Pakistan needs to meet SAFTA provisions: Indian envoy

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Pakistan needs to meet SAFTA provisions: Indian envoy

10 June 2010

By our correspondent

KARACHI: Pakistan does not keep in line with the provisions of South Asian Free Trade Agreement (SAFTA) concerning imports from India, said Sharat Sabharwal, High Commissioner of India during his visit to the Karachi Chamber of Commerce and Industry (KCCI) on Wednesday.

India maintains a sensitive list of 850 tariff lines for all the non-Least Developed Countries of SAFTA including Pakistan, “all other items are subject to Trade Liberalization Programme,” Sabharwal said.

“SAFTA does not provide for a positive list approach for imports by one member country from another.” Pakistan continued to follow a positive list approach vis-a-vis India and the list currently stood at a little less than 2,000 items, he said.

“We earnestly hope that this situation will change, so as to bring each and every SAARC country in line with the provisions of SAFTA,” the India envoy said. He said that the non-tariff and para-tariff barriers in India such as technical standard certification, sanitary and health regulations were alike for all the trading partners and these were not Pakistan specific.

“The potential of bilateral trade between India and Pakistan is much larger than the $2 billion approximately in recent years.”

As the fastest growing of the economy of the region, India had the potential to become a growth opportunity for all its neighbours. This potential could be realised fully if SAARC, as a whole, became more integrated, he said, referring that Intra-SAARC exports were a mere 5 percent of the total exports of the region.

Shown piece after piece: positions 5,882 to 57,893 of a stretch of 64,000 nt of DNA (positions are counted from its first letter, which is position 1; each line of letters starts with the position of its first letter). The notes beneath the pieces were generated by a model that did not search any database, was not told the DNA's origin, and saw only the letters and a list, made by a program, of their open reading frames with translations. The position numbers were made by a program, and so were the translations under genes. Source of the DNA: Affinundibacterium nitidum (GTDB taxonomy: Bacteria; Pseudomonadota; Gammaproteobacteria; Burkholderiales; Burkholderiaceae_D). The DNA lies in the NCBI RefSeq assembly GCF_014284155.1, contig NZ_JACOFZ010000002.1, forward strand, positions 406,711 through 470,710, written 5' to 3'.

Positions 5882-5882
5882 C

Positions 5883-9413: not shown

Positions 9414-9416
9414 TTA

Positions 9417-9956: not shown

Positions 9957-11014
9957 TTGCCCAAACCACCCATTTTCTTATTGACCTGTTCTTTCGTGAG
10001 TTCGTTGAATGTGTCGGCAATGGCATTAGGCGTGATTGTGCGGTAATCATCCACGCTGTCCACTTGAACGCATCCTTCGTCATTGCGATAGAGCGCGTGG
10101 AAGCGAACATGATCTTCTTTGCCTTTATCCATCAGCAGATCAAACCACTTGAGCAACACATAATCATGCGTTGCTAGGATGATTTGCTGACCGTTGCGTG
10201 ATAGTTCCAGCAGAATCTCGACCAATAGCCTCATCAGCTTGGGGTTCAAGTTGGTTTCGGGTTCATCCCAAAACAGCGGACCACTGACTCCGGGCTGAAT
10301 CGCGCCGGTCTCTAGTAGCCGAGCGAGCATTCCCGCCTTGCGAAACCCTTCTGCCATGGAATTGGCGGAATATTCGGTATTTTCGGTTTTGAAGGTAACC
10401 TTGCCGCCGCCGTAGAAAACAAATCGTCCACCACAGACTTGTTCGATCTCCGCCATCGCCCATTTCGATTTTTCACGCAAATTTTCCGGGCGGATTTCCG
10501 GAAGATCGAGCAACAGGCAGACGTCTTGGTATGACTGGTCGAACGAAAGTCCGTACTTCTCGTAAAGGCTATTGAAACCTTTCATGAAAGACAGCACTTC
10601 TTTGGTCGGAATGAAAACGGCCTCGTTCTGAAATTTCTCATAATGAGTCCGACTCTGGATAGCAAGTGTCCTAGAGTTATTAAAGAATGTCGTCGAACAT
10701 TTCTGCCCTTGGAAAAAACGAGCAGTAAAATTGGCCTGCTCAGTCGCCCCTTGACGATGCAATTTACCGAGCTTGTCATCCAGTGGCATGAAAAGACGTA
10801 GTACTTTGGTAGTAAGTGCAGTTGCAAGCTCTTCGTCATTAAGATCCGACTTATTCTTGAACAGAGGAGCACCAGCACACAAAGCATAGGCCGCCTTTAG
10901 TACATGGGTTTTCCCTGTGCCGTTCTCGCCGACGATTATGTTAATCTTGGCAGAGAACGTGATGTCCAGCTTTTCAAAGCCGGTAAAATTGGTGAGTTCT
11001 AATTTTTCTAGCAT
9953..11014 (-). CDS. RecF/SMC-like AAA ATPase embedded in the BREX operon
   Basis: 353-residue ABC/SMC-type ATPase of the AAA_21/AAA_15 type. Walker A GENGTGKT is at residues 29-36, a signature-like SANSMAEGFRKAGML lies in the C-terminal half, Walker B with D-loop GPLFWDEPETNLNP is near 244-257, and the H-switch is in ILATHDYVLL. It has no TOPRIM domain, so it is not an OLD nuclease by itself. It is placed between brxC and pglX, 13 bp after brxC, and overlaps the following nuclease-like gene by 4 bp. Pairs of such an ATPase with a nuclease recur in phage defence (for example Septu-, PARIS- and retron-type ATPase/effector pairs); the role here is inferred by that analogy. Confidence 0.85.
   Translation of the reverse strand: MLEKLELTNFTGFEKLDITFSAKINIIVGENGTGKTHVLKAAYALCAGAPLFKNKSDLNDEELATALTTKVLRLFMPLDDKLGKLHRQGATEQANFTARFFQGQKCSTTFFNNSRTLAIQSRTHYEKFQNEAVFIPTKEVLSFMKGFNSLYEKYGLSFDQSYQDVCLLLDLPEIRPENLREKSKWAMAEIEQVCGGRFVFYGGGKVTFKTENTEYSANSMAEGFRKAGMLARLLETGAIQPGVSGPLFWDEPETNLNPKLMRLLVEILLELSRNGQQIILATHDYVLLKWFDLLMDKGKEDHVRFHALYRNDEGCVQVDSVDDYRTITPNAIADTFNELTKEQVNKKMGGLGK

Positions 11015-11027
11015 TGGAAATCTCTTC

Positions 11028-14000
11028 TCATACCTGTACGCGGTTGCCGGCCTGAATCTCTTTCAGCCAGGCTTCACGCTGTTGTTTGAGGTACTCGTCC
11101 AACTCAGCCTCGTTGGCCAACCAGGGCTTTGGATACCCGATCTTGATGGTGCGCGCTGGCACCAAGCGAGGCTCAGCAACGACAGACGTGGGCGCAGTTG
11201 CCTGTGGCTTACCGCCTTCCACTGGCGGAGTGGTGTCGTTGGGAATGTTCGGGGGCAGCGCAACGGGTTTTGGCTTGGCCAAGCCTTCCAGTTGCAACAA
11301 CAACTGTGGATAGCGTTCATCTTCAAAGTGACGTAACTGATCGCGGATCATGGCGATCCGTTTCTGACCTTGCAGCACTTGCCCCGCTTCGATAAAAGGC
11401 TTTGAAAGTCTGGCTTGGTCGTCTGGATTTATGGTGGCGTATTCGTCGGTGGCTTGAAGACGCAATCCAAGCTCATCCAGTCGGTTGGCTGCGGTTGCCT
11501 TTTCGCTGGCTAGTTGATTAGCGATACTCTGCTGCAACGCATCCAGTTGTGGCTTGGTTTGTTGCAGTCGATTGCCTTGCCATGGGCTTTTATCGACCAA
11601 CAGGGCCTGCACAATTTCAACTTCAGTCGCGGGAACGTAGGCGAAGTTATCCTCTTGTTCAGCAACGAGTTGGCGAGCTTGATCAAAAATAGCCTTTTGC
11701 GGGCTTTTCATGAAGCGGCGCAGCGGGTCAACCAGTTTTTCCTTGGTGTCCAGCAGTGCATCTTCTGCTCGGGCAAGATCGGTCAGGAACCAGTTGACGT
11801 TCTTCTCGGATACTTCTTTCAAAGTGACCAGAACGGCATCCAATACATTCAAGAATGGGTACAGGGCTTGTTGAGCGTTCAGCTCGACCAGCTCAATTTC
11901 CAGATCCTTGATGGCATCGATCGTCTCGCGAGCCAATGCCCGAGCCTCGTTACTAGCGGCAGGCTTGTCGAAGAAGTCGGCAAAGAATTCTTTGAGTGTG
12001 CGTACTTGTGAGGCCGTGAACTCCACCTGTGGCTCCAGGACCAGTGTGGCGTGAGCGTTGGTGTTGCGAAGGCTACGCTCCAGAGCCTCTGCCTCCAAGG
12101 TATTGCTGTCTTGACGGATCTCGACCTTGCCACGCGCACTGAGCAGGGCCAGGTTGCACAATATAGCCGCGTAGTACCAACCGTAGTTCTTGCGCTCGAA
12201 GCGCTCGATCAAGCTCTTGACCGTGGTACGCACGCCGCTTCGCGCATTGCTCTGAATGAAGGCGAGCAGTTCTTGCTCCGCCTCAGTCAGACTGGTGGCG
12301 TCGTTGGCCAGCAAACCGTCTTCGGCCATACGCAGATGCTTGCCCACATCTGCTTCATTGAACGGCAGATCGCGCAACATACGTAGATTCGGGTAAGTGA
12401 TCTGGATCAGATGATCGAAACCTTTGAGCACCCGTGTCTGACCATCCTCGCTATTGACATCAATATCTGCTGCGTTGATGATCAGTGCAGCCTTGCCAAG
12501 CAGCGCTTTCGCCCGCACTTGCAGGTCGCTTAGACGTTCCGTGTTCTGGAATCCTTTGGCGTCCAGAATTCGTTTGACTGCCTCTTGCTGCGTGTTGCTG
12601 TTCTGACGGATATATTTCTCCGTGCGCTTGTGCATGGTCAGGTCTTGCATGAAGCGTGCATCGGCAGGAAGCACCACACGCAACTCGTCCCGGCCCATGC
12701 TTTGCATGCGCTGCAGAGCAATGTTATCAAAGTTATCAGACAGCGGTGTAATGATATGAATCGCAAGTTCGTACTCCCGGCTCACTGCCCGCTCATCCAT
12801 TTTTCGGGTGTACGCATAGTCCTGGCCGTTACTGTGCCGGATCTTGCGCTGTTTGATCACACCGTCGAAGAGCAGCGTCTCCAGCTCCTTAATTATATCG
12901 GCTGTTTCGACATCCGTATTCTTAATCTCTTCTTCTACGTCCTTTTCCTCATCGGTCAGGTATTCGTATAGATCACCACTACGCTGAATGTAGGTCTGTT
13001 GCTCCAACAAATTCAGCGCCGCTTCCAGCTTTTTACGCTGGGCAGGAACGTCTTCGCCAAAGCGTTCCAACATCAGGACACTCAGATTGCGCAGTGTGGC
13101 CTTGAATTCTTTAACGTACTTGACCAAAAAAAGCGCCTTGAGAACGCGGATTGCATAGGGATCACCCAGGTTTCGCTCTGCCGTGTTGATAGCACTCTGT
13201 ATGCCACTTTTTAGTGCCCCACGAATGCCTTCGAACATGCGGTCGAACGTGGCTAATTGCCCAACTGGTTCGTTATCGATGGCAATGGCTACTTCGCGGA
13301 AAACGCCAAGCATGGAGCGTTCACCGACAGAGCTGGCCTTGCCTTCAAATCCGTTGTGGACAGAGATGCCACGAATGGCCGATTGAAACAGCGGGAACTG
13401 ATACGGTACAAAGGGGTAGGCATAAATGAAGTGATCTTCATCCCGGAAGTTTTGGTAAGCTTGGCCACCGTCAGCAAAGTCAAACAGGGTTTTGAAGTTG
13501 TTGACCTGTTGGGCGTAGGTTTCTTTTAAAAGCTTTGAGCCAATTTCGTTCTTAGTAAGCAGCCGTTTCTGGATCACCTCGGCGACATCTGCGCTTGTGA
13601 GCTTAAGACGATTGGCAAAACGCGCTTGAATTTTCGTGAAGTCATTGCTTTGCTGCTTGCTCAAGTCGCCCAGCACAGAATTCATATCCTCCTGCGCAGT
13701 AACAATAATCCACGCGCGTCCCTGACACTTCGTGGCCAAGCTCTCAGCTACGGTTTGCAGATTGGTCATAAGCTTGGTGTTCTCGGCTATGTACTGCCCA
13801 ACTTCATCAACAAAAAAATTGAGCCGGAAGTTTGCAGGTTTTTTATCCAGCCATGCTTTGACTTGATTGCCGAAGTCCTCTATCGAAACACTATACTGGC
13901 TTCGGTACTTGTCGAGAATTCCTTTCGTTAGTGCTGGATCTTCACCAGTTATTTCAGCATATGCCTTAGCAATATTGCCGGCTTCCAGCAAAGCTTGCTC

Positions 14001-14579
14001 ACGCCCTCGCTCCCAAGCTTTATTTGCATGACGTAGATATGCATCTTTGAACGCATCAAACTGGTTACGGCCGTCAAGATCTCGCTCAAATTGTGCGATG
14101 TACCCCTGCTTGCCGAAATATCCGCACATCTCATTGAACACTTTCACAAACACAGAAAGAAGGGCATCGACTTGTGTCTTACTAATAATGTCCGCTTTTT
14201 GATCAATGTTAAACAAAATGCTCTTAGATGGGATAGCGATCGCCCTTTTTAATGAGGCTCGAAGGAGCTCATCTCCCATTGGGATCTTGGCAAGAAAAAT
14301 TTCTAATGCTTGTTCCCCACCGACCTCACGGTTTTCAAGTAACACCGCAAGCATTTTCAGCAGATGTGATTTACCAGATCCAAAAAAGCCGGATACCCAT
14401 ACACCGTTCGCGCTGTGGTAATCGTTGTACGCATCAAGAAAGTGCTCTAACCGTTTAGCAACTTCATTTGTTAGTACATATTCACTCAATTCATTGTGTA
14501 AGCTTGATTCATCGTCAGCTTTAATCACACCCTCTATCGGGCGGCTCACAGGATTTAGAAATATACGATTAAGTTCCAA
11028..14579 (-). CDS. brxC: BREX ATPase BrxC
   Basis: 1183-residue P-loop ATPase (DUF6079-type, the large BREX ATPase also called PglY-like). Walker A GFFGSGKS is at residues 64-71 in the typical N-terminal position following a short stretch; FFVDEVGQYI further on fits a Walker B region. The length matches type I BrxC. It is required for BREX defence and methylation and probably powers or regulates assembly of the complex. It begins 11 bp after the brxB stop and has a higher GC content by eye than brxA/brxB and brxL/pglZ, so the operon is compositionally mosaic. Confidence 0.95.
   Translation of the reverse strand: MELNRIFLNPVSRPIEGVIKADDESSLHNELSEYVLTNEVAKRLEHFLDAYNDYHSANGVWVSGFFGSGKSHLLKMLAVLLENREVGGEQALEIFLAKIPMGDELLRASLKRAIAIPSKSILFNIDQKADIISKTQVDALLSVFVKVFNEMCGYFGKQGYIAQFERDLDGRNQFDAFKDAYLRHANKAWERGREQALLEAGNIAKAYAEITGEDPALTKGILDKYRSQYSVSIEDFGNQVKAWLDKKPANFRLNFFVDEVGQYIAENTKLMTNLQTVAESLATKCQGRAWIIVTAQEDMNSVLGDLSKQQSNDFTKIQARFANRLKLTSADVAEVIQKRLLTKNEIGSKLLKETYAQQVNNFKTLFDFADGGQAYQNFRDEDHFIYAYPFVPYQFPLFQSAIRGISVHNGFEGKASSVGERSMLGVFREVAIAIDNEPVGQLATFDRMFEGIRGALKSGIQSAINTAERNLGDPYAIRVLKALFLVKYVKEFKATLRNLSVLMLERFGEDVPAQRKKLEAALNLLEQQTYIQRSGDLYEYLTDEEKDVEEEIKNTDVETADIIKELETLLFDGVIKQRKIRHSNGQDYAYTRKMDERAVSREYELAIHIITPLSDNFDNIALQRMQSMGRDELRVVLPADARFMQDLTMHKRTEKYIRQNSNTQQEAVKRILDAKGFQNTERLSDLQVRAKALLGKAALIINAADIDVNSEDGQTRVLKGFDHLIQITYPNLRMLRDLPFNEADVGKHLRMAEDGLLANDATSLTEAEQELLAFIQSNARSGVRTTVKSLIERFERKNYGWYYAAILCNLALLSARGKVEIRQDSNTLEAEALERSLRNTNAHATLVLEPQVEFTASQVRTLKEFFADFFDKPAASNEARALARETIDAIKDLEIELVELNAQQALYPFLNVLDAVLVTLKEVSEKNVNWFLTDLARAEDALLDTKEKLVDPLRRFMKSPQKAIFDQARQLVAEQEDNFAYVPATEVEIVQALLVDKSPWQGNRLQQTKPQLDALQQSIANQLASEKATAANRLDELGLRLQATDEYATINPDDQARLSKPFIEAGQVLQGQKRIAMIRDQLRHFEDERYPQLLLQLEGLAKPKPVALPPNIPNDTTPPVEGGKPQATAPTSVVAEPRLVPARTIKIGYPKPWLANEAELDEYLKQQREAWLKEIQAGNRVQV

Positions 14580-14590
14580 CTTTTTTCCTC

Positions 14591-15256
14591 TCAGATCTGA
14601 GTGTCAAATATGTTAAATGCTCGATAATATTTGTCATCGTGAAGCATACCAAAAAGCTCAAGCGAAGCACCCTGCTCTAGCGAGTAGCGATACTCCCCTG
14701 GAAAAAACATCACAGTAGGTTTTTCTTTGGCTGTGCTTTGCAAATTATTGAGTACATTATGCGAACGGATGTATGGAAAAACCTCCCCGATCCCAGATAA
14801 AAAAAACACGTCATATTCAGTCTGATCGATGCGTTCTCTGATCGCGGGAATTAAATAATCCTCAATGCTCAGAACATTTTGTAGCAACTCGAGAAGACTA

He also referred to Prime Minister Manmohan Singh’s vision of transformed South Asia where with the cooperation of all of India’s neighbours, the region moves from poverty to prosperity and from ignorance to a knowledge society.

KCCI President Abdul Majeed Haji Mohammad said that there was a great potential in India for Pakistani exports of marine, plastic products, rice, raw wool, leather products, cotton and made-ups, textiles, surgical equipment and dry fruits etc.

“In this era of globalisation and advanced technology, it is essential to strengthen bilateral friendly relationship with the countries around the globe. Peace, harmony and friendly relationship with other countries are essential for development and progress of any country.”

He said that there were a number of factors responsible for unrest in the world. The developed nations were not playing their true role in managing the world instead they were imposing their laws on the rest of the world. “To save this world for our next generations, it is imperative that we must sit together in peace and resolve our differences amicably.”

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